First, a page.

Events - Weekly
|Sunday, March 3|
|Monday, March 4|
Sebastian Maerkl, EPFL Lausanne, Large-scale single cell analysis
Observing cellular responses to perturbations is central to generating and testing hypothesis in biology. Time-lapse microscopy is a powerful tool for studying cellular phenotypes, but has been refractory to proteome-wide investigations. We developed a live-cell microarray integrated with a massively parallel microchemostat array to quantify microbial phenotypes in large-scale. Specifically, we quantified the spatio-temporal flux of the yeast proteome in response to environmental stresses by determining single-cell protein abundance and localisation changes in 4,085 GFP-tagged strains. Analysis of over 23,000 movies and 1.5 × 10^8 cells provided insight into the precise temporal orchestration of protein abundance and localisation changes in yeast. Highly dynamic re-location events are complementary to slow and persistent protein abundance changes, and together coordinate the cellular response on different time-scales. In particular, we observed that p-bodies rapidly form in response to UV-induced DNA/RNA damage. Through the precise spatio-temporal analysis of over 500 deletion - GFP-tagged strains we could determine that the p-body response is an intricate component of the DNA damage response pathway, and link it to other previously identified components. In summary, we developed a methodology for large-scale single-cell analysis and applied it to the characterisation of the stress response pathways in S. cerevisiae. Our approach is broadly applicable, and we have shown that other microbes such as E. coli, M. smegmatis, and S. pombe, can also be analysed on our platform.
Joseph Henry Room, Jadwin Hall · 12:00 p.m.– 1:00 p.m.
Job Dekker, U Mass, Chromosome folding and gene regulation
Program in Systems Biology, Department of Biochemistry and Molecular Pharmacology, University of Massachusetts Medical School
My laboratory studies how chromosomes are organized in three dimensions. The three-dimensional organization of the genome is critical for regulating gene expression by bringing genes in close spatial proximity to distal regulatory elements such as enhancers. We have developed powerful molecular approaches, based on our Chromosome Conformation Capture technology, to determine the folding of genomes at unprecedented resolution (Kb) and scale (genome-wide).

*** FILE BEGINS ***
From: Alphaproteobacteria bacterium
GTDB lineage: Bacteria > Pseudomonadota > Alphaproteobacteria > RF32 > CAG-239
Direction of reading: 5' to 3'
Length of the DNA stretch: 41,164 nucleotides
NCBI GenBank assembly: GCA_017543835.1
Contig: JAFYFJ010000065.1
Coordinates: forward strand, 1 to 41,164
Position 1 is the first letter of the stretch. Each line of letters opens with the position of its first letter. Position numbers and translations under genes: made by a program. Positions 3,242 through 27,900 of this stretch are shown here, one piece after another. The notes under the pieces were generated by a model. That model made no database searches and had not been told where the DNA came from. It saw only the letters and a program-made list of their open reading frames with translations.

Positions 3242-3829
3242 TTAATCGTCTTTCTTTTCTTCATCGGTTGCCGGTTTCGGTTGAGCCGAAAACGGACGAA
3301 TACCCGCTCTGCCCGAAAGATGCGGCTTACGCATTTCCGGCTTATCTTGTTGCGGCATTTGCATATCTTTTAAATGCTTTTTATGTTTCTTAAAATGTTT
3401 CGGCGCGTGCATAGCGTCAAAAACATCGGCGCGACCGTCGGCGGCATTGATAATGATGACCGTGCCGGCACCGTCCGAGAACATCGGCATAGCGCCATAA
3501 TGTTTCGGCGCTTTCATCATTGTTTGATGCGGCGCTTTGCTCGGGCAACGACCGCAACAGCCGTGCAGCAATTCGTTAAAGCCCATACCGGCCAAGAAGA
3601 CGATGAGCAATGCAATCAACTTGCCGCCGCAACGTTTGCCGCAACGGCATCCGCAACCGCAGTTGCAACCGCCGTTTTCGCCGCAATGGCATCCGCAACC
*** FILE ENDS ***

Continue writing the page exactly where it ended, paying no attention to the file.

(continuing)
We have applied these methods to determine the spatial folding of 1% of the human genome (the ENCODE pilot regions) across a panel of cell lines. We discovered that chromosomes fold into extensive long-range interaction networks in which genes are interacting with distal gene regulatory elements. These results start to place genes and regulatory elements, that are often separated by large genomic distances, in three-dimensional context to reveal their functional relationships.
Our analysis of chromosome folding also revealed that chromosomes are compartmentalized in a series of “Topological Association Domains” (TADs) that are hundreds of Kb in size. Loci located within a TAD mingle freely, but interact far less frequently with loci located outside their TAD. TADs appear involved in gene expression, as we found that genes located within the same TAD tend to be co-expressed, but the mechanism(s) by which these domains affect gene regulation is still unknown. TADs represent novel universal and genetically encoded building blocks of chromosomes.
Carl Icahn Lab 101 · 4:15 p.m.– 5:15 p.m.
|Tuesday, March 5|
|Wednesday, March 6|
|Thursday, March 7|
|Friday, March 8|
|Saturday, March 9|